We’ve always reviewed measures. In these unpredictable times we want predictable results. Therefore, we start with determining the measures that matter and that define success. The decisions we make as we build our reentry plan are guided by the measures that matter that we will use to track our results. The measures that matter shift us from simply doing tactical activities to focusing on the right actions to produce the most significant results.
A step in the reentry process is for leaders to create reentry scorecards that include measures that matter for student success, well-being, safety, and service. We propose organizational leaders and teams use measures in shorter time spans that – show the progress we are making. This process allows us to continue with areas working well, to adjust those that are not working, and to stop performing actions that are impeding progress. This improvement process is foundational to organizational excellence. A follow-up toolkit will guide leaders on how to cascade the scorecard and improvement process to divisions, departments, and schools.
A first start for creating a reentry plan that positions us for excellence is to establish the measures that matter using an organizational scorecard. A sample scorecard to capture important measures as we enter next year is provided here and a template is provided in the toolkit (Tool 2).
SAMPLE ORGANIZATIONAL SCORECARD
|PILLAR||SAMPLE MEASURABLE AREAS||SAMPLE METRICS ALIGNED TO AREAS|
Create a Communication Approach to Send Shorter Messages More Often
Communication and trust during a crisis go hand in hand. Sometimes we unintentionally sacrifice trust when we assume that everyone knows the effect the disruption has had on the organization. We use short, focused key messages to share difficult news. Therefore, Tool 3, Communications Template, helps leaders and teams tell the story that is occurring as decisions are made. We share shorter messages more often. We want to share evidence that supports why decisions are made. We share what we are doing, how actions will occur and affect others, and what we expect people to do during each step.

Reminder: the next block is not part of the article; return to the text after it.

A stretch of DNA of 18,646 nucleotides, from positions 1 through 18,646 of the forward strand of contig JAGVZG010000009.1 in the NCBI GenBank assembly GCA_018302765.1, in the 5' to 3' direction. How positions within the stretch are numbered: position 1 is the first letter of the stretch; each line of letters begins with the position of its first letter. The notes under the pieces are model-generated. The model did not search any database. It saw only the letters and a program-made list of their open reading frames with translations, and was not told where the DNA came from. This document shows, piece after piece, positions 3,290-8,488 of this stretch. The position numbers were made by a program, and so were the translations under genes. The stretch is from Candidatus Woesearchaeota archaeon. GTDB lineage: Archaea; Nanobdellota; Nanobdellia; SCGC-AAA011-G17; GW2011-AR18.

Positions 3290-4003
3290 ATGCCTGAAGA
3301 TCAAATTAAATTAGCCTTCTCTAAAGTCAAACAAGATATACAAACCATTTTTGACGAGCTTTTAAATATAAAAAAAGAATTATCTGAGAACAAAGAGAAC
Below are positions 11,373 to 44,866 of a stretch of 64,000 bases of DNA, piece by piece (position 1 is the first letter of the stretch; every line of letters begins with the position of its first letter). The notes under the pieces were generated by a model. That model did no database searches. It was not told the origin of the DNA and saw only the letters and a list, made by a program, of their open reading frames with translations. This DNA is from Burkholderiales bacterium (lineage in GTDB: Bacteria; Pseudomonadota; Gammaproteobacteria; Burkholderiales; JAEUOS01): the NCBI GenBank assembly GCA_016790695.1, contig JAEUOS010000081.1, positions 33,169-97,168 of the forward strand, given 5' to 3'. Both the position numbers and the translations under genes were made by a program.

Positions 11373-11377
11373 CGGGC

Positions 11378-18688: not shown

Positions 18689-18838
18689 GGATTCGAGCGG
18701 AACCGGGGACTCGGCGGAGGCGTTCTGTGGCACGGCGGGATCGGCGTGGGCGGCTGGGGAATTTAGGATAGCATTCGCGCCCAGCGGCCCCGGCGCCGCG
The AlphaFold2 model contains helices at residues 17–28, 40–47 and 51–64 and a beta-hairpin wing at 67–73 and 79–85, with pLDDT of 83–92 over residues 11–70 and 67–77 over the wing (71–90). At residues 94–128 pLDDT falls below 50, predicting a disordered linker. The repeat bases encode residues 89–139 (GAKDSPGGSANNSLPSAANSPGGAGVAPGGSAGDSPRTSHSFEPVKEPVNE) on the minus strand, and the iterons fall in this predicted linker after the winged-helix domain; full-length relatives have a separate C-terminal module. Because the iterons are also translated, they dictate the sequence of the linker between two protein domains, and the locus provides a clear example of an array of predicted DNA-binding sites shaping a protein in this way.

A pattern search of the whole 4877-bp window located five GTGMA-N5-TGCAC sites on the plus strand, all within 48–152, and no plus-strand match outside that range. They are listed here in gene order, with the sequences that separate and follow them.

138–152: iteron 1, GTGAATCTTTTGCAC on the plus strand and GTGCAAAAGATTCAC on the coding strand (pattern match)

As we build the reentry plan, we know we will face resistance. Some people will like what we decide to do, and others will not. Our job is to make the best decisions that align to the measures that matter leading to student success. Not everyone will like our decisions, but we can openly share the evidence and knowledge that guide us on why decisions are made. The way we communicate these decisions will influence the level of success we have when we reenter school.
When we make significant decisions, let’s rely on what the research tells us. For example, a group of researchers published the findings of a study they conducted focusing on the best CEOs. Their results are published in the Harvard Business Review. We summarize some important findings the researchers reported about characteristics of the best CEOs. The best executives:
- Don’t stand out for making the best decision all the time. They stand out for being decisive.
- Map out the need for stakeholder input and the balance between input and desired results. They make the call and expect people to be on board.
- Spend at least 1/2 their time on long-term results; scan wide data sources, triangulate to inform, expect setbacks and know how to manage through them.
- Establish business management systems that include a cadence of meetings, dashboards of metrics, clear accountability, and multiple channels for monitoring performance and making rapid course corrections. Most importantly, they surround themselves with strong teams.